Tag Archive for fulbright

5 Alumni, 2 Students Accept Fulbrights

fulbright240Seven Wesleyans are finalists in the Fulbright U.S. Student Program this year. The Fulbright Student Program is the flagship international educational exchange program sponsored by the U.S. government and is designed to increase mutual understanding between the people of the United States and the people of other countries. The program operates in 160 countries worldwide.

In total, 38 former and current Wesleyan students applied, and 12 were semi-finalists. Of those, two were selected as alternates, and eight were finalists. Seven of them accepted Fulbrights.

The program provides grants for individually designed study/research projects or for English Teaching Assistant Programs.

Wesleyan Named A Fulbright Student Top Producer

Wesleyan University has recently been recognized as a Fulbright Student Top Producer for the 2016-2017 academic year.

As the flagship program for international research, study, and teaching, sponsored by the U.S. Government, the Fulbright U.S. Student Program is available for recent graduate and graduate students to explore their research topics, as well as cultivate a meaningful cultural experience in over 140 countries.A bachelor’s degree (or equivalent) is generally required by the start of the Fulbright grant period. Wesleyan has produced more than 140 Fulbright students from 1943 – 2015, with seven more recent graduates and alumni making up the 2016 – 2017 class of mentioned below:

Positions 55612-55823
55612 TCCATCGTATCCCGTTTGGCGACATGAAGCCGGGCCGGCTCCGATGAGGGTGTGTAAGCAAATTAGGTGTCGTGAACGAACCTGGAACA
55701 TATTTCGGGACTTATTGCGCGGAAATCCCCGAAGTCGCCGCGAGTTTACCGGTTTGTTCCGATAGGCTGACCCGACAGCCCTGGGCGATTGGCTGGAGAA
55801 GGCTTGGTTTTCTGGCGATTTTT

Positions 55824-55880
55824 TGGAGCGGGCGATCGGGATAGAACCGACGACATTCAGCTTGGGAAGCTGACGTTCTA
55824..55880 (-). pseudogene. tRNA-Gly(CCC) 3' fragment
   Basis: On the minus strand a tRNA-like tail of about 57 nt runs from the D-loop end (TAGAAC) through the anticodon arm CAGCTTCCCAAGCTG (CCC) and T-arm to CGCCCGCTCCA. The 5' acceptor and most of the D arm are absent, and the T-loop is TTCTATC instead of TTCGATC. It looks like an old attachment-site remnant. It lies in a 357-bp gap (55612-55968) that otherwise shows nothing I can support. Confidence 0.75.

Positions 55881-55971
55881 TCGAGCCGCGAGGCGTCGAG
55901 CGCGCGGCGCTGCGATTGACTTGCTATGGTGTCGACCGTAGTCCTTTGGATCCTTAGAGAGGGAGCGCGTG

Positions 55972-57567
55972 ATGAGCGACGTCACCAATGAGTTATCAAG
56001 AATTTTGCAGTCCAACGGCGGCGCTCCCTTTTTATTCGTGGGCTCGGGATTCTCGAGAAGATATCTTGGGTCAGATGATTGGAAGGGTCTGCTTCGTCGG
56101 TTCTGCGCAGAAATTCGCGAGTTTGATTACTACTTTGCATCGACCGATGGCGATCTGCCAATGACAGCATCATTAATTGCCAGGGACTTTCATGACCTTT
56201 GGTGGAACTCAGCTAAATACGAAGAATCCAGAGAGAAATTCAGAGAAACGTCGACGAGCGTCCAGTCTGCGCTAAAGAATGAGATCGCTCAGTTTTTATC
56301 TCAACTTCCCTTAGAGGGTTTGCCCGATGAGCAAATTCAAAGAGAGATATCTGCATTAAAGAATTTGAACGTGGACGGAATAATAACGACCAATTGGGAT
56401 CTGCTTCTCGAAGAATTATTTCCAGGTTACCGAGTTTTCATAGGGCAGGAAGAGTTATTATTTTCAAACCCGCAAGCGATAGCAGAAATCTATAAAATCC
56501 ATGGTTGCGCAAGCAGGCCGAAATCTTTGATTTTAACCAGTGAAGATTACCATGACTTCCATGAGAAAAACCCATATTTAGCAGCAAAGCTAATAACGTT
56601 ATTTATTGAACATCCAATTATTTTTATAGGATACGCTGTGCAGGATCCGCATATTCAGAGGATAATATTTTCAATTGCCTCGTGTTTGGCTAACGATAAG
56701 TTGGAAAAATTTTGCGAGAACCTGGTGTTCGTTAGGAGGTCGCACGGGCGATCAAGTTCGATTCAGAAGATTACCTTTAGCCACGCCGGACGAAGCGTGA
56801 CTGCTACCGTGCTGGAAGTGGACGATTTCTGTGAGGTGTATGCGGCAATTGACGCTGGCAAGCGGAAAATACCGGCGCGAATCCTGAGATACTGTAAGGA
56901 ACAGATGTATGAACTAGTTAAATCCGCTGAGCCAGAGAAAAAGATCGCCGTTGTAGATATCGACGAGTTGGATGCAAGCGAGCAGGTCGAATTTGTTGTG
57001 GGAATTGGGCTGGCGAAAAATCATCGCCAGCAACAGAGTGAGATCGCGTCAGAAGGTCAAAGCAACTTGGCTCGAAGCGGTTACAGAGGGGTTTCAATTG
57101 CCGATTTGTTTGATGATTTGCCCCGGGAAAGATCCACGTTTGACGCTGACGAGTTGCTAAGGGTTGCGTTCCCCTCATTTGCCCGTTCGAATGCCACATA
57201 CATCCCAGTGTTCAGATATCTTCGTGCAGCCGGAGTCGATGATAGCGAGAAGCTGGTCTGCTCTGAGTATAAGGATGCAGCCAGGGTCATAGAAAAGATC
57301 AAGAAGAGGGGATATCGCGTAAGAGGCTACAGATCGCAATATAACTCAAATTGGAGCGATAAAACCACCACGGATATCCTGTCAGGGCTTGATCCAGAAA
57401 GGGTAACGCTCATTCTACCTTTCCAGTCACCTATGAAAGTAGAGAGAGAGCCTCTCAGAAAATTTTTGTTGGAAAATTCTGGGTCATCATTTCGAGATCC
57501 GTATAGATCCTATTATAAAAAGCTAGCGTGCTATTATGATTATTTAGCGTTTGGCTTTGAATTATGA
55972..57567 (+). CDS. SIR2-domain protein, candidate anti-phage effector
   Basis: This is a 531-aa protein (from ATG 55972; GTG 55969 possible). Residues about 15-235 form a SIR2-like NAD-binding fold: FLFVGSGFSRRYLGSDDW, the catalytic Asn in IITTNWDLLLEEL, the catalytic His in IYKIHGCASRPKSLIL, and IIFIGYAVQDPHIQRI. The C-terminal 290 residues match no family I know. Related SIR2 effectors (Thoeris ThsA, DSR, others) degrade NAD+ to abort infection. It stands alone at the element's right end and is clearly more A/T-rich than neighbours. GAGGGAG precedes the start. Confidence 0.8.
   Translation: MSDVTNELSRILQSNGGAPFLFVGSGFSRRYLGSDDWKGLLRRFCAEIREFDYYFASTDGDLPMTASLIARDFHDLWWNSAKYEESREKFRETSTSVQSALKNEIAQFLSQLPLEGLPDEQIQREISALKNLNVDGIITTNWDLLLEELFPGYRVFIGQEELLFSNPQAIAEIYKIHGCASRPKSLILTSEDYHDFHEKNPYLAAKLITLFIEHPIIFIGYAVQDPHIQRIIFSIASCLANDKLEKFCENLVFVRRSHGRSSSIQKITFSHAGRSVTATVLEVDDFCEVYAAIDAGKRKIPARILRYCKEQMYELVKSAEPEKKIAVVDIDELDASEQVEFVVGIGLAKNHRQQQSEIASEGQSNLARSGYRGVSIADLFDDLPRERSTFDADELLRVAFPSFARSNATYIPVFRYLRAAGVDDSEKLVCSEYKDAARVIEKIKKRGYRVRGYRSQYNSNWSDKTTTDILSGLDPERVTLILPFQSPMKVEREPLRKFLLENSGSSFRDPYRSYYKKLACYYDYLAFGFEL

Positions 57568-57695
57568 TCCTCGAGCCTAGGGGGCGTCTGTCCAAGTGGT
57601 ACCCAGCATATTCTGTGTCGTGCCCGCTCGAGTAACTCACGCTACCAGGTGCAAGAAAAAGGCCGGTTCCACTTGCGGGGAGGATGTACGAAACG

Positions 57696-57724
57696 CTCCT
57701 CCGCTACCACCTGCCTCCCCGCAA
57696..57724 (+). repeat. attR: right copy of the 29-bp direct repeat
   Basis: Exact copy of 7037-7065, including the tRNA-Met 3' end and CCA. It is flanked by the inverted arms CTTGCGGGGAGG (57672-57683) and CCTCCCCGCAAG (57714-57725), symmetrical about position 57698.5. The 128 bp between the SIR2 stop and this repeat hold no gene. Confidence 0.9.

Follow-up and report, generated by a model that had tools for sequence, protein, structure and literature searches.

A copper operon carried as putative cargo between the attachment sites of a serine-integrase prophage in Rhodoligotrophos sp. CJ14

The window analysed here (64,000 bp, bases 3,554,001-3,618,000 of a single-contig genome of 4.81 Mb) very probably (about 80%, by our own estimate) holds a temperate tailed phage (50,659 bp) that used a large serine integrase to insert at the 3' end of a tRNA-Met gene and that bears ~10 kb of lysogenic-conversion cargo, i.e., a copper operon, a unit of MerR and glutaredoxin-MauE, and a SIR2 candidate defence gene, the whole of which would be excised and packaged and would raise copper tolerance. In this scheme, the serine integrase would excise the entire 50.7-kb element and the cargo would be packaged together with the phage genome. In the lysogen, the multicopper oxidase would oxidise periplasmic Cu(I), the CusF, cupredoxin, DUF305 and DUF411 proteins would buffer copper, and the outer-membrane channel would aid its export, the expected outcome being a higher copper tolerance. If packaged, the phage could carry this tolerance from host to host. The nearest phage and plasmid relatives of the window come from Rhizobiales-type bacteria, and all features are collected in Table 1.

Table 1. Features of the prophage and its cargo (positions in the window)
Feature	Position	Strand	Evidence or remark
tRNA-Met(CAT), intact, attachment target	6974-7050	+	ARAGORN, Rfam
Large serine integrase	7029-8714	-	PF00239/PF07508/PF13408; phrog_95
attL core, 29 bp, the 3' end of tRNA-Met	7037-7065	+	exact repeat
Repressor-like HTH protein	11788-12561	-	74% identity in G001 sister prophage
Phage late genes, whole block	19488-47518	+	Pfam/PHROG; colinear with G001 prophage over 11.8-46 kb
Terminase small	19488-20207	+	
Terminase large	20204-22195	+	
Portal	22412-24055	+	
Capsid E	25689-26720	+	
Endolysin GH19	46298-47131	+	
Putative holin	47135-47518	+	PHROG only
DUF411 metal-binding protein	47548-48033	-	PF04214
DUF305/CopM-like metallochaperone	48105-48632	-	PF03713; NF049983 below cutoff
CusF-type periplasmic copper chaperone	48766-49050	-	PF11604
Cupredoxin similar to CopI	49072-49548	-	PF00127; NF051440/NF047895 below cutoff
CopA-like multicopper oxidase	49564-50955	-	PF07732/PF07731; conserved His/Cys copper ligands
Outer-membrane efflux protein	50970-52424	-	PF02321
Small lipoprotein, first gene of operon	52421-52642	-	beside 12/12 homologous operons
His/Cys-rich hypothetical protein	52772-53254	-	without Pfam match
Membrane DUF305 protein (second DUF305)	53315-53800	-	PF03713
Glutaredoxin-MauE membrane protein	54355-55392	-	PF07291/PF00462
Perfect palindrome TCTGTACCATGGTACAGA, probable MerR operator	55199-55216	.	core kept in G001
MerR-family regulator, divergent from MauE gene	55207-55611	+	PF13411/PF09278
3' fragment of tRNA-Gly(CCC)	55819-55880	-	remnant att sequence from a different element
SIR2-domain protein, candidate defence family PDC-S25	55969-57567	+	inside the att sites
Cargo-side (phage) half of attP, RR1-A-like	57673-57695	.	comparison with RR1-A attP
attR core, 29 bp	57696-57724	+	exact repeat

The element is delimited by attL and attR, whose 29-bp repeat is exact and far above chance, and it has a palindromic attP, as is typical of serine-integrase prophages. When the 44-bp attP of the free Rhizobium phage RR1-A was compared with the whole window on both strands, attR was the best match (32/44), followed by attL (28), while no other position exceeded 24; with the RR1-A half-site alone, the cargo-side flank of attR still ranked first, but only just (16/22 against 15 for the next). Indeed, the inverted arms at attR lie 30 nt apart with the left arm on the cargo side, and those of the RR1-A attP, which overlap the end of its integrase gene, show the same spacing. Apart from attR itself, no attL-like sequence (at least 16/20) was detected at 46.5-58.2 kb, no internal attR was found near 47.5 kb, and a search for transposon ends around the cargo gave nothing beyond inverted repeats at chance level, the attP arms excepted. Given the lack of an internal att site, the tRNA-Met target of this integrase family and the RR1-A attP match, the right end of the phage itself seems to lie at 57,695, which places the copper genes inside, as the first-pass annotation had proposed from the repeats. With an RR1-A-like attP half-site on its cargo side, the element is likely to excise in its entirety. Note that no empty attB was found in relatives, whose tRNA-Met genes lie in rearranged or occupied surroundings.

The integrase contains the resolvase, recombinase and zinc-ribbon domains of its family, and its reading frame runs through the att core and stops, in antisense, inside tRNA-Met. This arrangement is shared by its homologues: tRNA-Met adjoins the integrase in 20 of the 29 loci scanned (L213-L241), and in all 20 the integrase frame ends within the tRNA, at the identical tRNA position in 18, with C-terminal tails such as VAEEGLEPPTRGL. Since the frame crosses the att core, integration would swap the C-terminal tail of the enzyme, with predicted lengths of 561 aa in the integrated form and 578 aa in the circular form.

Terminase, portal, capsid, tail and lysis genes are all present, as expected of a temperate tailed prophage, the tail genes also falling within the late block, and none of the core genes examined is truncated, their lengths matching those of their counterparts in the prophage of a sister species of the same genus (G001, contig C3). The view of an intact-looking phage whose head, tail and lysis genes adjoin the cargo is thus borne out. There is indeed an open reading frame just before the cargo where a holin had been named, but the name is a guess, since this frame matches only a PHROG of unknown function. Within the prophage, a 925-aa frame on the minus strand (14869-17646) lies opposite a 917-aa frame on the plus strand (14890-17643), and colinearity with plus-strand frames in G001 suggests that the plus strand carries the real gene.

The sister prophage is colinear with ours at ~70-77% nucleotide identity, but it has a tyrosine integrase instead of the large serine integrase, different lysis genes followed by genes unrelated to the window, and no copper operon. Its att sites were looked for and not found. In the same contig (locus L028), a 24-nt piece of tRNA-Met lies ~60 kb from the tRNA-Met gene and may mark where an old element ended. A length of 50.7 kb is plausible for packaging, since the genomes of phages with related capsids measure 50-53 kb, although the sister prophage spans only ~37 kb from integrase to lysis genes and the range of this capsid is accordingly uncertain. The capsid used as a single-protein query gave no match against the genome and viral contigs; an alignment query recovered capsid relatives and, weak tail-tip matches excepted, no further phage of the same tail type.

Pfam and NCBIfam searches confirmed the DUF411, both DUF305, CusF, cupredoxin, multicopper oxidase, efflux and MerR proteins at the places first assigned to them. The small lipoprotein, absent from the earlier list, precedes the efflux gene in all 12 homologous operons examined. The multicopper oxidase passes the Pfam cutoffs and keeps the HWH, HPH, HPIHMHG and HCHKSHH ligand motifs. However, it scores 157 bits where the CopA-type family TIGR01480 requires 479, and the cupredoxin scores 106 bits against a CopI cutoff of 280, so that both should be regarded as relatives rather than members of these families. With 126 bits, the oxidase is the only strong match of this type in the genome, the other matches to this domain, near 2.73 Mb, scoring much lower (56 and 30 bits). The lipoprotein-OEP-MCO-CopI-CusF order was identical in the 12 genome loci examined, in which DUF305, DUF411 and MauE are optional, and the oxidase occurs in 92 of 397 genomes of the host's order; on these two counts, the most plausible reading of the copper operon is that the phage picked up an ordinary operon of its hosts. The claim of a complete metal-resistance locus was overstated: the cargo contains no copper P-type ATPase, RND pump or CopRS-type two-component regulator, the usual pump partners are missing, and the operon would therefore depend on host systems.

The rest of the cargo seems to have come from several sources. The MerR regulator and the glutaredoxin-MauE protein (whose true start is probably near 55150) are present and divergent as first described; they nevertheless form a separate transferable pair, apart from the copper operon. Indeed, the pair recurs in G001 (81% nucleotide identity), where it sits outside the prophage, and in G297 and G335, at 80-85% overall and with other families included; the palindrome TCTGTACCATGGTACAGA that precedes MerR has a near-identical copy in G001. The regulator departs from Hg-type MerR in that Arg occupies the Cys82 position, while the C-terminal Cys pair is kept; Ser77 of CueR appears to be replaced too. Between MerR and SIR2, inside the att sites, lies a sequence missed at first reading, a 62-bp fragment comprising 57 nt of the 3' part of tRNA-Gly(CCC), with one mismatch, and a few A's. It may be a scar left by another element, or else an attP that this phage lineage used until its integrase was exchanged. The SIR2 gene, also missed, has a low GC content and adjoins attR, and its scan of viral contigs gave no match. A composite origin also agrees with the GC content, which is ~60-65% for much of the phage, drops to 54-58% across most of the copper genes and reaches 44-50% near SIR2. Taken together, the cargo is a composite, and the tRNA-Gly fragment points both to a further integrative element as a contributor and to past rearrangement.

Leah Bakely ’16 is a teaching assistant Fulbright in Spain. She wants to use her teaching skills in Spain because it offers her the opportunity to meaningfully engage with her academic interests and career aspirations, and improve her language skills.

10 Wesleyan Students, 1 Alumna Receive Fulbrights

Eleven Wesleyans were finalists in the Fulbright U.S. Student Program this year, including 10 from the Class of 2016, and a Class of 2013 alumna. In all, 23 people from Wesleyan applied for Fulbrights, and 12 were semi-finalists.

The Fulbright Program is the flagship international educational exchange program sponsored by the U.S. government and is designed to increase mutual understanding between the people of the United States and the people of other countries. The program operates in 160 countries worldwide. Primary funding for the program comes from an annual appropriation made by the U.S. Congress to the U.S. Department of State, Bureau of Educational and Cultural Affairs. Participating governments, host institutions, corporations and foundations in the U.S. and abroad also provide direct and indirect support.

The program provides grants for individually designed study/research projects or for English Teaching Assistant Programs. Candidates must submit a Statement of Grant Purpose defining activities to take place during one academic year in a participating country outside the U.S. Recipients are selected based on academic or professional achievement, as well as demonstrated leadership potential in their fields.